Which Running Shoes Will Help Me Prevent Injury?

Man running through park
Your physical therapist can help evaluate your running style. Westend61/Getty Images

Question: Which Running Shoes Will Help Me Prevent Injury?

I am a runner who developed knee pain while running. A physical therapist looked at my feet and noticed that I over-pronate. Should I use a special type of shoe to help me prevent future injuries while running?


Running is a great sport, but it can also be harsh on the joints of the legs. Problems involving the hips, knees, and ankles are common sites for running injuries.

Patellofemoral stress syndrome and ilitotibial band friction syndrome are injuries that may take weeks, or months, to heal and can sideline your running schedule. If you are a runner, you are likely to suffer some sort of running related injury during your career, and there are many treatments and tricks available to help you decrease the chance of injury.

Changing your running shoes and wearing shoes that are designed specifically for your feet is one common thought to prevent running injuries. But does wearing the right shoes while running (or walking) prevent injury?

The Case for Over-Pronation as Cause of Injury

Over-pronation is a condition where your foot or feet turn in excessively when you are standing and walking or running. If you excessively pronate your foot when it hits the ground, you may notice your foot and ankle rotate in and your arch falls. When this happens, your shin and thigh also rotate internally.

Excessive internal rotation of your leg while you are walking or running may cause increased strain on the structures around your foot, knee, and hip. The muscles in your leg, namely the hamstrings, the quadriceps, and the gluteus medius, must then work harder to maintain your leg in the best position possible for running.

Failure for these muscles to do this may be a cause of injury.

So if over-pronation causes excessive internal rotation of your leg, and excessive internal rotation of your leg may lead to injury, then correcting the over-pronation problem with supportive shoes and orthotics, right?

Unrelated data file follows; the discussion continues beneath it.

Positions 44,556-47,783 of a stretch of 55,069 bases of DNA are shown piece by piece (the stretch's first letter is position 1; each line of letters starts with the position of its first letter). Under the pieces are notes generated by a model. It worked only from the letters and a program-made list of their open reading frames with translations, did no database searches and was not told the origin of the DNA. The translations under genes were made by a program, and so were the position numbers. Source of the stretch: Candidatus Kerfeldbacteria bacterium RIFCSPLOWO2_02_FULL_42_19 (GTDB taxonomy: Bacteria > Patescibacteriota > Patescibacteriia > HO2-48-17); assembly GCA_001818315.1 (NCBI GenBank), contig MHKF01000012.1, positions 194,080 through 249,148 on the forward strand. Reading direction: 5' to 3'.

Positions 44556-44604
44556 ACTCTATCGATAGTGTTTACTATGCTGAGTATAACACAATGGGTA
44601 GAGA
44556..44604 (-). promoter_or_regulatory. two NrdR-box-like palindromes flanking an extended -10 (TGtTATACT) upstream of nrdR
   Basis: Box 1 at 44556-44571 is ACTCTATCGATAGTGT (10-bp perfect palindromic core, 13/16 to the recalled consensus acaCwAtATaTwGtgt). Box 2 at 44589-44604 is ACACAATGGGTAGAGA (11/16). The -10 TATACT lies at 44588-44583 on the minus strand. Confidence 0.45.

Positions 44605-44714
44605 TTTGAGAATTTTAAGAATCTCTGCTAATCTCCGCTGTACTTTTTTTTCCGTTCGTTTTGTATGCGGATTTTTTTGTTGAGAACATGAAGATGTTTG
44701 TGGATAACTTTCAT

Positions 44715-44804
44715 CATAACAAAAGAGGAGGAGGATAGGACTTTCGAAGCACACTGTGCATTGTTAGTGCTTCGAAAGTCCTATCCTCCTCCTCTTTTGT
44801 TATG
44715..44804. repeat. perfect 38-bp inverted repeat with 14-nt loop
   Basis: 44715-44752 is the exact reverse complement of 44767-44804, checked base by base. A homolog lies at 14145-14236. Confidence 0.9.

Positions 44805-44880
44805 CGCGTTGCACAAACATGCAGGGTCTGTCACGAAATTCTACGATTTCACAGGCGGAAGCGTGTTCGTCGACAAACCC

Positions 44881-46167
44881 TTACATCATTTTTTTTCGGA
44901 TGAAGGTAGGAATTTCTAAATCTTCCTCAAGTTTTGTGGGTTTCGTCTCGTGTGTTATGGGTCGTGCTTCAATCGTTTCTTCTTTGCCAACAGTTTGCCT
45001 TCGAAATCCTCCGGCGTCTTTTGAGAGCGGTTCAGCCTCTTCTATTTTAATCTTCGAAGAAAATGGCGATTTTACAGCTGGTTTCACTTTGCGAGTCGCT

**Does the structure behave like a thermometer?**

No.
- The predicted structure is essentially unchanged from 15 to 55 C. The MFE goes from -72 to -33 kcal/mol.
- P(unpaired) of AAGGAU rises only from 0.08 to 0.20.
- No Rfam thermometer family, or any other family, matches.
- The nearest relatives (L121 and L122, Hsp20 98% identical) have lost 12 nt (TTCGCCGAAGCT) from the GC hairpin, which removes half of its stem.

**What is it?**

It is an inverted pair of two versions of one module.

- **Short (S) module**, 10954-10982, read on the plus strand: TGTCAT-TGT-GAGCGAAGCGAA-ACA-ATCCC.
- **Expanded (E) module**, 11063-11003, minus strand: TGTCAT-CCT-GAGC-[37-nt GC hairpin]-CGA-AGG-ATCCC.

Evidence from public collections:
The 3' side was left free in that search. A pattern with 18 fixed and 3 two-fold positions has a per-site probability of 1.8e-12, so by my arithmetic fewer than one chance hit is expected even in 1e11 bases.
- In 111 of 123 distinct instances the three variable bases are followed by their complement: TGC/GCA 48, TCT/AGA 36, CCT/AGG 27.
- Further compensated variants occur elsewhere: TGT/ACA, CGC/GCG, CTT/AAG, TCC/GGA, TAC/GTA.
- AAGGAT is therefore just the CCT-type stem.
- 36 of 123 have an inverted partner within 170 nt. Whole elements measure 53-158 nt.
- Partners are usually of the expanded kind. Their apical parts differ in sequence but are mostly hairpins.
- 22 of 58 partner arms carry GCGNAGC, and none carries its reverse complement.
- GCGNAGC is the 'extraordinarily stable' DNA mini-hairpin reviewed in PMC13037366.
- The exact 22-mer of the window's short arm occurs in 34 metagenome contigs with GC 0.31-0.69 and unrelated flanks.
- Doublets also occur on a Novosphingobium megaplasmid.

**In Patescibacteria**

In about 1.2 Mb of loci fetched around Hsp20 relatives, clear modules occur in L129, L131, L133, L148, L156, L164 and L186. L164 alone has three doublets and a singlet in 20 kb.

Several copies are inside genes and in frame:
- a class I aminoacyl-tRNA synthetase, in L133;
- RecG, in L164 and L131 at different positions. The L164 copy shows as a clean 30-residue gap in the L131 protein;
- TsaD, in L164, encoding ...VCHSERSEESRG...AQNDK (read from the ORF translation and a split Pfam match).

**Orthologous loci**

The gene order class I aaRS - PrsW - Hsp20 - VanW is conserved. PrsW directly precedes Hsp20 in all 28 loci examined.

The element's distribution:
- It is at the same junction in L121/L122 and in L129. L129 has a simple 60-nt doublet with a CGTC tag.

Maybe not.

For years, runners and other athletes have chosen the proper shoes based on the position of their feet. Over-pronators required shoes to support the foot, people with neutral feet required neutral shoes, and under-pronators (supinators) needed shoes that allow for some extra motion.

Let's Look at the Evidence

A study published in 2013 in the British Journal of Sports Medicine examined the effect of wearing a neutral shoe for running, regardless of foot type or position.

The researchers examined 927 novice runners and noted foot position. Over-pronators, neutral foot, or under-pronators were all given the same neutral running shoe and were followed for a year. Participants were monitored for injury, which included any musculoskeletal complaint of the legs or back as a result of running.

Of the 927 runners who participated in the study, 252 participants suffered an injury as a result of running. When foot posture type was factored into the data, it showed that it didn't matter which type of foot you had; injury rates were statistically the same regardless of foot type. In fact, over-pronators were injured less than participants with a neutral foot type.

Another study published in the Journal of the American Medical Association examined the effects of using a specific type of insert in your shoe to help treat osteoarthritis of the knee. The examiners analyzed the results of many different studies on the use of lateral wedge inserts for medial knee pain. These inserts help to change the position of your knee and take pressure off of arthritic structures inside the joint, and thus may help relieve pain.

The results of the analysis indicated that the use of lateral heel wedges for knee pain helped some people decrease knee pain. When compared to the use of a neutral insert in the shoe, there was not a statistically significant difference in knee pain relief. It appears that changing foot position with inserts or special shoe types does not affect knee pain.

Does that mean that everyone should just wear whatever shoe they want? Maybe not. A 2014 position paper by the American Academy of Pediatrics listed overpronation of the foot as an intrinsic risk factor for anterior cruciate ligament injury in young people. Maybe keeping the foot in the best position possible for young athletes may have some benefit. 

Bottom Line

Based on the results of studies, the choice of your footwear does not seem to be a strong variable to help prevent injuries while running. You should do just fine choosing a running shoe that is sized correctly and feels comfortable while walking and running.

When starting a running program, it may be a good idea to visit with a physical therapist to assess factors that may lead to injury. He or she can evaluate your flexibility and strength and prescribe an exercise program that may help keep your joints health and keep you running pain free.

Sources: Nielsen R, et al. "Foot pronation is not associated with increased injury risk in novice runners wearing a neutral shoe: a 1-year prospective cohort study." Br J Sports Med. 13 June 2013.
Parkes MJ, Maricar N, Lunt M, et al. Lateral Wedge Insoles as a Conservative Treatment for Pain in Patients With Medial Knee Osteoarthritis: A Meta-analysis. JAMA. 2013;310(7):722-730

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